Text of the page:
In other words, basal ganglia lesions caused a more broad network deficit, while prefrontal cortex lesions resulted in a more limited, and recoverable, deficit. The findings help us understand the different roles these brain regions play in attention, and emphasize how memory and attention are held in networks. They also show us that the plasticity compensating for brain damage is more dynamic and flexible than we realized, with intact regions stepping in on a case by case basis, very quickly, but only when the usual region fails.

Reference: 

[2034] Voytek, B., Davis M., Yago E., Barcel F., Vogel E. K., & Knight R. T.
(2010).  Dynamic Neuroplasticity after Human Prefrontal Cortex Damage.
Neuron. 68(3), 401 - 408.

[2033] Voytek, B., & Knight R. T.
(2010).  Prefrontal cortex and basal ganglia contributions to visual working memory.
Proceedings of the National Academy of Sciences. 107(42), 18167 - 18172.

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Cognitive test distinguishes those at greater risk of stroke

February, 2010

A large long-running study has found that Swedish men in their 70s among the bottom 25% on the Trail Making Test B were three times more likely to have a stroke or a brain infarction compared to those in the top 25%.

A long-running study involving 930 70-year-old Swedish men has found that those who were among the bottom 25% on the Trail Making Test B were three times more likely to have a stroke or a brain infarction compared to those in the top 25%. Performance on the Trail Making Test A and the MMSE did not predict brain infarction or stroke. Test B measures the ability to execute and modify a plan, while Test A measures attention and visual-motor abilities, and the MMSE is a standard test of general cognitive decline.

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Mediterranean diet may lower risk of brain damage

February, 2010

Seniors who were most closely following a Mediterranean-like diet were 36% less likely to have brain infarcts than those least following the diet.

Following on from studies showing that a Mediterranean-like diet may be associated with a lower risk of Alzheimer's disease and may lengthen survival in people with Alzheimer's, a six-year study of 712 New Yorkers has revealed that those who were most closely following a Mediterranean-like diet were 36% less likely to have brain infarcts (small areas of dead tissue linked to thinking problems), compared to those who were least following the diet. Those moderately following the diet were 21% less likely to have brain damage. The association was comparable to the effects of high blood pressure — that is, not eating a Mediterranean-like diet was like having high blood pressure. The Mediterranean diet includes high intake of vegetables, legumes, fruits, cereals, fish and monounsaturated fatty acids such as olive oil; low intake of saturated fatty acids, dairy products, meat and poultry; and mild to moderate amounts of alcohol.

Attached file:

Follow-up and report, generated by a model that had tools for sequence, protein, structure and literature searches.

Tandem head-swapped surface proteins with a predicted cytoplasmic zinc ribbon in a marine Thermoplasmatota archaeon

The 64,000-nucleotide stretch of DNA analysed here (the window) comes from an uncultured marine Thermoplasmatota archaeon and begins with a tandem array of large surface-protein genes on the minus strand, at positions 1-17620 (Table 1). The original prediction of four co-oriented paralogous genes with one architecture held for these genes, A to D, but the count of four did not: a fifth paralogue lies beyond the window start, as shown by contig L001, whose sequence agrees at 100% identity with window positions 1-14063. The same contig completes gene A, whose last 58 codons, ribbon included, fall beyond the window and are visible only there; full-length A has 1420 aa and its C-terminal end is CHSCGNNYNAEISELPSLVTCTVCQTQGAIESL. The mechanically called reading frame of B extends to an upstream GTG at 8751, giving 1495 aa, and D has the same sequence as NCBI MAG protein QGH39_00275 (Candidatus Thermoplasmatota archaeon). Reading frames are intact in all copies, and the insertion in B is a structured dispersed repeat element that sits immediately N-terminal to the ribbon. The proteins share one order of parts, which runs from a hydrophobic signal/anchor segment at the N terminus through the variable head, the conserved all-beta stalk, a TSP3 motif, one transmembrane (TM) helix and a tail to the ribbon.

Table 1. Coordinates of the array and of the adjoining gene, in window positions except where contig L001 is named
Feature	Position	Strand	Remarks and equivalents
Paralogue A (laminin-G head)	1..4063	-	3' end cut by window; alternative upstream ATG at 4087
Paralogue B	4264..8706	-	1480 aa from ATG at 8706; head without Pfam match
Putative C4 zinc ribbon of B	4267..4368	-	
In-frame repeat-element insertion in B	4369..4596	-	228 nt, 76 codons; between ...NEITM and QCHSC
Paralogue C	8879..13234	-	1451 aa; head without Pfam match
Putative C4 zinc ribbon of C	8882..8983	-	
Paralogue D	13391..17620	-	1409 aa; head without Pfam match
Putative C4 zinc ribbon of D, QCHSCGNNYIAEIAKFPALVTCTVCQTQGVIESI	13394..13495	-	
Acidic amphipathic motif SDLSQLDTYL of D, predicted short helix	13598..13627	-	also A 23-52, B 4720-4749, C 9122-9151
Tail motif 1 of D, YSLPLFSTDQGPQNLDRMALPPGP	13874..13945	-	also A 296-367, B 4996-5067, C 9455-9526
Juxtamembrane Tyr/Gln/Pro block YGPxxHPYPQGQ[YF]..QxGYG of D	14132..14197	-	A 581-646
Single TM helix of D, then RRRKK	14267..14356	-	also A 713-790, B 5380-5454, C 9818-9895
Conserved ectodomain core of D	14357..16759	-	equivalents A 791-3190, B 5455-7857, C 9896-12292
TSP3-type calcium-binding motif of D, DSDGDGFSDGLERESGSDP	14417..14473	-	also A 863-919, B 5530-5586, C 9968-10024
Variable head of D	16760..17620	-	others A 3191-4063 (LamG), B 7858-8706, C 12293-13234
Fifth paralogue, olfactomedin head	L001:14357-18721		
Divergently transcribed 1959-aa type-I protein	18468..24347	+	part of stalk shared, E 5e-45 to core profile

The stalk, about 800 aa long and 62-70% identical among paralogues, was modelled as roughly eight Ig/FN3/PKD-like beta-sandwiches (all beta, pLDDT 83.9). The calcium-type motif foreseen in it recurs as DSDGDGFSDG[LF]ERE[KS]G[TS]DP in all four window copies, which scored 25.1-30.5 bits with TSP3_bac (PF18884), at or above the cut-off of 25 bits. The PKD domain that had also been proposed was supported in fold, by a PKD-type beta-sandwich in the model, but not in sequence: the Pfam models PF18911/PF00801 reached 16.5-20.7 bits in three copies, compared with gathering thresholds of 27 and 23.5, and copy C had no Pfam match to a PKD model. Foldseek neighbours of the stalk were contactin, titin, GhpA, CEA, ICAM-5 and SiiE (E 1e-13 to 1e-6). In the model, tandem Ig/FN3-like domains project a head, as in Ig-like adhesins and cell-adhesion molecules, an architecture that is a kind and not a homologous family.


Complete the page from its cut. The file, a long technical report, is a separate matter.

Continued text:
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The study will be presented at the American Academy of Neurology's 62nd Annual Meeting in Toronto April 10 to April 17, 2010.

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Stroke patients regain the power of speech by singing

March, 2010

People deprived of speech following a stroke were taught to sing words instead of speaking them in a technique known as 'melodic intonation therapy'.

And in another pilot study, people deprived of speech following a stroke were taught to sing words instead of speaking them in a technique known as 'melodic intonation therapy'. Brain scans also showed functional and structural changes in the undamaged hemisphere after they had received the therapy. Doctors are now testing the therapy in 30 stroke patients to assess how many people who lose their speech after a stroke would benefit.

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The findings were reported at the American Association for the Advancement of Science meeting in San Diego.

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Video games help stroke victims recover motor function

March, 2010

A pilot study suggests that video games for the Nintendo Wii could help stroke victims recover fine and gross motor function after a stroke.

A pilot study suggests that video games for the Nintendo Wii could help stroke victims recover fine motor function (such as finger dexterity) and gross motor function (such as arm movements) two months after a stroke. The ten patients randomly assigned to playing these games for about six hours over the course of two weeks showed significantly better recovery, and none of the adverse effects (like nausea or dizziness) that were reported in the other group assigned to recreational games such as cards or the block-stacking game Jenga. A clinical trial is now underway.

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The research was presented February 25 at the American Stroke Association's International Stroke Conference.